Benjamin Wedro, MD, FACEP, FAAEM
Dr. Ben Wedro practices emergency medicine at Gundersen Clinic, a regional trauma center in La Crosse, Wisconsin. His background includes undergraduate and medical studies at the University of Alberta, a Family Practice internship at Queen's University in Kingston, Ontario and residency training in Emergency Medicine at the University of Oklahoma Health Sciences Center.
William C. Shiel Jr., MD, FACP, FACR
Dr. Shiel received a Bachelor of Science degree with honors from the University of Notre Dame. There he was involved in research in radiation biology and received the Huisking Scholarship. After graduating from St. Louis University School of Medicine, he completed his Internal Medicine residency and Rheumatology fellowship at the University of California, Irvine. He is board-certified in Internal Medicine and Rheumatology.
Charles Patrick Davis, MD, PhD
Dr. Charles "Pat" Davis, MD, PhD, is a board certified Emergency Medicine doctor who currently practices as a consultant and staff member for hospitals. He has a PhD in Microbiology (UT at Austin), and the MD (Univ. Texas Medical Branch, Galveston). He is a Clinical Professor (retired) in the Division of Emergency Medicine, UT Health Science Center at San Antonio, and has been the Chief of Emergency Medicine at UT Medical Branch and at UTHSCSA with over 250 publications.
In this Article
- Stroke facts
- What is a stroke?
- What causes a stroke?
- What are the risk factors for stroke?
- What is a transient ischemic attack (TIA)?
- What is the impact of strokes?
- What are stroke symptoms?
- What should be done if you suspect you or someone else is having a stroke?
- How is a stroke diagnosed?
- What is the treatment of a stroke?
- What complications can occur after a stroke?
- What can be done to prevent a stroke?
- What is in the future for stroke treatment?
- Stroke FAQs
- Find a local Doctor in your town
What can be done to prevent a stroke?
Risk factor reduction
High blood pressure: The possibility of suffering a stroke can be markedly decreased by controlling the risk factors. The most important risk factor for stroke is high blood pressure. When a person's blood pressure is persistently too high, roughly greater than 130/85, the risk of a stroke increases in proportion to the degree by which the blood pressure is elevated. Management of high blood pressure so that it is well controlled and in the normal range decreases the chances of a stroke.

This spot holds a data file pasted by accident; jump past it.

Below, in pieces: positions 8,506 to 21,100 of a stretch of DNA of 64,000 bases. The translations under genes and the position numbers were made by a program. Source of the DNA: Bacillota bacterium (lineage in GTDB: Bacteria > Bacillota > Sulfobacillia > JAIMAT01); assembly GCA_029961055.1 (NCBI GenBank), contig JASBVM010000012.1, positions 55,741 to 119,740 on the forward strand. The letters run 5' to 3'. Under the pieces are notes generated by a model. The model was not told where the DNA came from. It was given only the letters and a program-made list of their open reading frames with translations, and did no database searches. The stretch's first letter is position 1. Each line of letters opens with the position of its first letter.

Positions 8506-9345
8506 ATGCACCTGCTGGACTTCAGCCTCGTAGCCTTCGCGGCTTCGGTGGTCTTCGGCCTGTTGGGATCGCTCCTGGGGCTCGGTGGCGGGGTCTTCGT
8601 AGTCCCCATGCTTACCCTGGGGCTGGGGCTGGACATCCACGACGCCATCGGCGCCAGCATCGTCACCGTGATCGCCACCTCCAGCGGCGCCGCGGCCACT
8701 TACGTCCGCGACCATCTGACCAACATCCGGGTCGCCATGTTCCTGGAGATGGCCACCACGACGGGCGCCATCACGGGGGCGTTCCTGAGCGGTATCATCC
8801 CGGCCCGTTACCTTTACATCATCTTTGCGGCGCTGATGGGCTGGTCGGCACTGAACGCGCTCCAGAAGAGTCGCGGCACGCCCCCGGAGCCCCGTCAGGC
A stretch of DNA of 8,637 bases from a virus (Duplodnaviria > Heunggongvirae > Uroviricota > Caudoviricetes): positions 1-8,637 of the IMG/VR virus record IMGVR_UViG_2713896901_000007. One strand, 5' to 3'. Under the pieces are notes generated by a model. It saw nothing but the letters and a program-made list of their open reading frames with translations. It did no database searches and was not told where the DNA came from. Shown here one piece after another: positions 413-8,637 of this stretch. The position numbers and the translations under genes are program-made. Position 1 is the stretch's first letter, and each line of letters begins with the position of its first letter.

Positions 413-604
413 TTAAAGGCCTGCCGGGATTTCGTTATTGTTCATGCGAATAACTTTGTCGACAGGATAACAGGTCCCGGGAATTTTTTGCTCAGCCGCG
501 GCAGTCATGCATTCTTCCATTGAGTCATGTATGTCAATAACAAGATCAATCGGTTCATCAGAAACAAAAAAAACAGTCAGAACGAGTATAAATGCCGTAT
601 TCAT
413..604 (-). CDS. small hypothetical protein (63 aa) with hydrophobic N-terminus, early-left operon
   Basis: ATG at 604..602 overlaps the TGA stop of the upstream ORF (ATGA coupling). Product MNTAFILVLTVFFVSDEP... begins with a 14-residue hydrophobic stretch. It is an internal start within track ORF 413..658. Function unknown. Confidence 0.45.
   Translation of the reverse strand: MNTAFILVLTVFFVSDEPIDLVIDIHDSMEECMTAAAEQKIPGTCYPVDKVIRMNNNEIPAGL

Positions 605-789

Smoking: An important stroke risk factor is cigarette smoking or other tobacco use. Chemicals in cigarettes are associated with developing atherosclerosis or narrowing of the arteries in the body. This narrowing can involve the large carotid arteries as well as smaller arteries within the brain. Smoking is also a major risk factor in heart disease and artery disease.
Diabetes: Diabetes causes the small vessels to close prematurely. When these blood vessels close in the brain, small (lacunar) strokes may occur. Good control of blood sugar is important in decreasing the risk of stroke in people with diabetes.
High cholesterol: Elevated cholesterol and/or triglycerides in the bloodstream are risk factors for a stroke due to the eventual blockage of blood vessels (atherosclerosis) and plaque formation. A healthy diet and medications can help normalize an elevated blood cholesterol level.
Blood thinner/warfarin: An irregular heartbeat called atrial fibrillation, where the upper chambers of the heart do not beat in a coordinated fashion, can cause blood clots to form along the walls of the heart chamber. These can break off and travel or embolize to blood vessels in the brain, blocking blood flow and causing a stroke. Anticoagulation may be an appropriate prevention. Depending upon the patient risk factors, different medications may be suggested. Warfarin (Coumadin) is a blood "thinner" that prevents the blood from clotting. Newer medications like dabigatran (Pradaxa) and rivaroxaban (Xarelto) are also approved for use in atrial fibrillation. Warfarin is also sometimes used to prevent the recurrence of a stroke in certain other heart conditions and in patients with abnormal blood clotting tendencies (hypercoagulable states). Warfarin dosing is monitored by periodic blood tests to measure INR (international normalized ration) which assess how quickly the patient's blood clots.
Antiplatelet therapy: Many TIA and stroke patients may benefit from "antiplatelet" drugs that can decrease clotting risk and potentially reduce their risk of suffering another cerebrovascular event. These medicines act on platelets to decrease their stickiness and reduce the tendency to clot blood. The side effect is an increased risk of bleeding. Aspirin is the most commonly prescribed medication in this group. If the patient develops TIA or stroke symptoms while taking aspirin, other antiplatelet medications may be considered including clopidogrel (Plavix), prasugrel (Effient), and dipyridamole (Persantine).
Carotid endarterectomy: In many cases, a person may suffer a TIA or a stroke that is caused by the narrowing of the carotid arteries (the major arteries in the neck that supply blood to the brain). If left untreated, patients with these conditions have a higher risk of experiencing a major stroke in the future. An operation that cleans out the carotid artery and restores normal blood flow is known as a carotid endarterectomy. This procedure has been shown to reduce the incidence of a subsequent stroke. In patients who have a narrowed carotid artery, but no symptoms, this operation may be indicated in order to prevent the occurrence of a first stroke.
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